British Prime Minister Theresa May signalled her “full support” Friday for a potential joint bid by the United Kingdom and Ireland to host the 2030 football World Cup.
May’s comments serve up a formidable challenge to a Latin American plan that Argentina agreed with Paraguay and Uruguay in April.
England’s fans have been riding a wave of patriotic jubilation since their young team beat the odds to reach the semi-finals of the June-July tournament played in Russia.
But the biggest event in the world’s most popular sport is being expanded from 32 to 48 teams starting with the next edition in Qatar in 2022.
The change means that even countries with ample infrastructure may struggle to cope with the weight of pulling off the massively followed competition on their own.
The 2026 tournament was awarded to a “United” bid the United States presented with Mexico and Canada.
The rights for the 2030 World Cup are still up for grabs — and the five Football Associations within the United Kingdom and Ireland have been plotting a joint bid of their own.
May said her support for 2030 stemmed in part from the adulation England received for their performance in Russia.
“Following the excitement of this summer’s World Cup, the English FA are working together with the FAs of Scotland, Wales, Northern Ireland and Ireland to explore whether there could be a joint bid to host the 2030 World Cup,” May said.
“The decision on whether to bid is, of course, for the Football Associations to make. But if they decide to go forward, they can count on this government’s full support.”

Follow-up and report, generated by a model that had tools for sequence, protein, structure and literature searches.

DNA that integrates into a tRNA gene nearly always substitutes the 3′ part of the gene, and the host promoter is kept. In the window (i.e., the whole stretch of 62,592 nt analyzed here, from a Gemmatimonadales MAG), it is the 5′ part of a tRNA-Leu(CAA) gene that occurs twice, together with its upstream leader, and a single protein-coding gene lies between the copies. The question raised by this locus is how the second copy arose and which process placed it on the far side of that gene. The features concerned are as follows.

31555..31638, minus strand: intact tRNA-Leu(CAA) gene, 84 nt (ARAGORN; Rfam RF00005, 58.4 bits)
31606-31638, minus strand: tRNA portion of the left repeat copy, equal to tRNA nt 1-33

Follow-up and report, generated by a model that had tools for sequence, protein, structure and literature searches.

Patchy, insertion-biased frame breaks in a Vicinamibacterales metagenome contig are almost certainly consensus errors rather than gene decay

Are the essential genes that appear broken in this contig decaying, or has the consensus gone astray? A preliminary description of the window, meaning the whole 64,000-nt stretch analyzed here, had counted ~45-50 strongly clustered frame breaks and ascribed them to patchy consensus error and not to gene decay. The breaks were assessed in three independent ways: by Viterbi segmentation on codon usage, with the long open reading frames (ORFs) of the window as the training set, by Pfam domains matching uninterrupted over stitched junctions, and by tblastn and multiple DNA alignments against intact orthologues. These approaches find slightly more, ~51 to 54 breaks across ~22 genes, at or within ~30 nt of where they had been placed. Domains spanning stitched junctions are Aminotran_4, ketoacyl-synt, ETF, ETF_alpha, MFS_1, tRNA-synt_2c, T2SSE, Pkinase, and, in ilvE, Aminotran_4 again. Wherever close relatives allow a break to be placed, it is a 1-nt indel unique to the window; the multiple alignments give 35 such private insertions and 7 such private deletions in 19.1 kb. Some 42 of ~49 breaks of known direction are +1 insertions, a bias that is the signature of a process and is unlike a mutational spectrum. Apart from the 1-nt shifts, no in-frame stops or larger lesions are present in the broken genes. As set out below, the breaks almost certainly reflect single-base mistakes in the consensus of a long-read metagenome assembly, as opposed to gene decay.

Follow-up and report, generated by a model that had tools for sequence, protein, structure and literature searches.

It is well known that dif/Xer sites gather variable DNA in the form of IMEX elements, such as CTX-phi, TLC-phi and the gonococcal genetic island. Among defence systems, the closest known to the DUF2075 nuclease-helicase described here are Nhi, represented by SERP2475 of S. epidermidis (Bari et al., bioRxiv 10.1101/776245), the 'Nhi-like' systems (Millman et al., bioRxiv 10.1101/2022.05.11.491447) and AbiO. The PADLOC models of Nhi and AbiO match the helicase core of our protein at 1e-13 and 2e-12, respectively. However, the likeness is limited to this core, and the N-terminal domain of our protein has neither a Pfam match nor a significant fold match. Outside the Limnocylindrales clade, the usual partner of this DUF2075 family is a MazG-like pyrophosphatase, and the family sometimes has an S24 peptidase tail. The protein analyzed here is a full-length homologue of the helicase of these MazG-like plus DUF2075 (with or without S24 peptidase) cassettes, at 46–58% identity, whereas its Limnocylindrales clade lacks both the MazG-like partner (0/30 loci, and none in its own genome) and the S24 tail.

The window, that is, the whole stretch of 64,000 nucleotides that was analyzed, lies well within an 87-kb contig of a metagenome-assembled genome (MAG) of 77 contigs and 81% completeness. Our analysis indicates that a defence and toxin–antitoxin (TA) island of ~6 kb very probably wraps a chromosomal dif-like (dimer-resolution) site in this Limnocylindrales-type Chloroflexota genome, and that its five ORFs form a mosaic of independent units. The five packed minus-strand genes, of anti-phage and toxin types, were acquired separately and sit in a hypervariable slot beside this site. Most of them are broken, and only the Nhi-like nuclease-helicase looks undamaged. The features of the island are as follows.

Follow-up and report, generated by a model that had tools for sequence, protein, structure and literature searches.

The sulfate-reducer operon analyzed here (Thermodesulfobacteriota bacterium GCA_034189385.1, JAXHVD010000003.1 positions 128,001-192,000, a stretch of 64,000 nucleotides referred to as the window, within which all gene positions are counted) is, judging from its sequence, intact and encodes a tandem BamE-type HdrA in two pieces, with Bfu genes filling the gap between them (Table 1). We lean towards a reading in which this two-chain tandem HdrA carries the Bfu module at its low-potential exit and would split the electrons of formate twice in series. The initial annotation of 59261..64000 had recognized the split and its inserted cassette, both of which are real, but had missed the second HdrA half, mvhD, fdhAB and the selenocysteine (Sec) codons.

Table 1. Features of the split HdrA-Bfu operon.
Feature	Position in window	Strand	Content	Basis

England’s Russia campaign ended with a 2-1 extra-time loss to Croatia in a game they led until the closing minutes of normal time.
Coach Gareth Southgate thinks the team still have room to grow and should be setting themselves the target of bringing the World Cup trophy home from Qatar.
How any of the teams perform in 2030 is a matter of pure conjecture because nations will have a new generation of stars by that point.
Yet what is certain is that the cost of staging a World Cup will be substantial — and possibly more than any one country can reasonably afford.
Russia is believed to have spent a record $13.5 billion (11.6 billion euros) .
Much of that money went into giving some of the 11 host cities their biggest makeovers since the Soviet Union’s collapse in 1991.
A joint UK-Ireland bid would not have to invest as much in basic infrastructure such stadiums or airports and hotels.
Yet World Cup costs had been rising even before the 48-team expansion and the governing body FIFA is keen to keep the games economically viable for the hosts.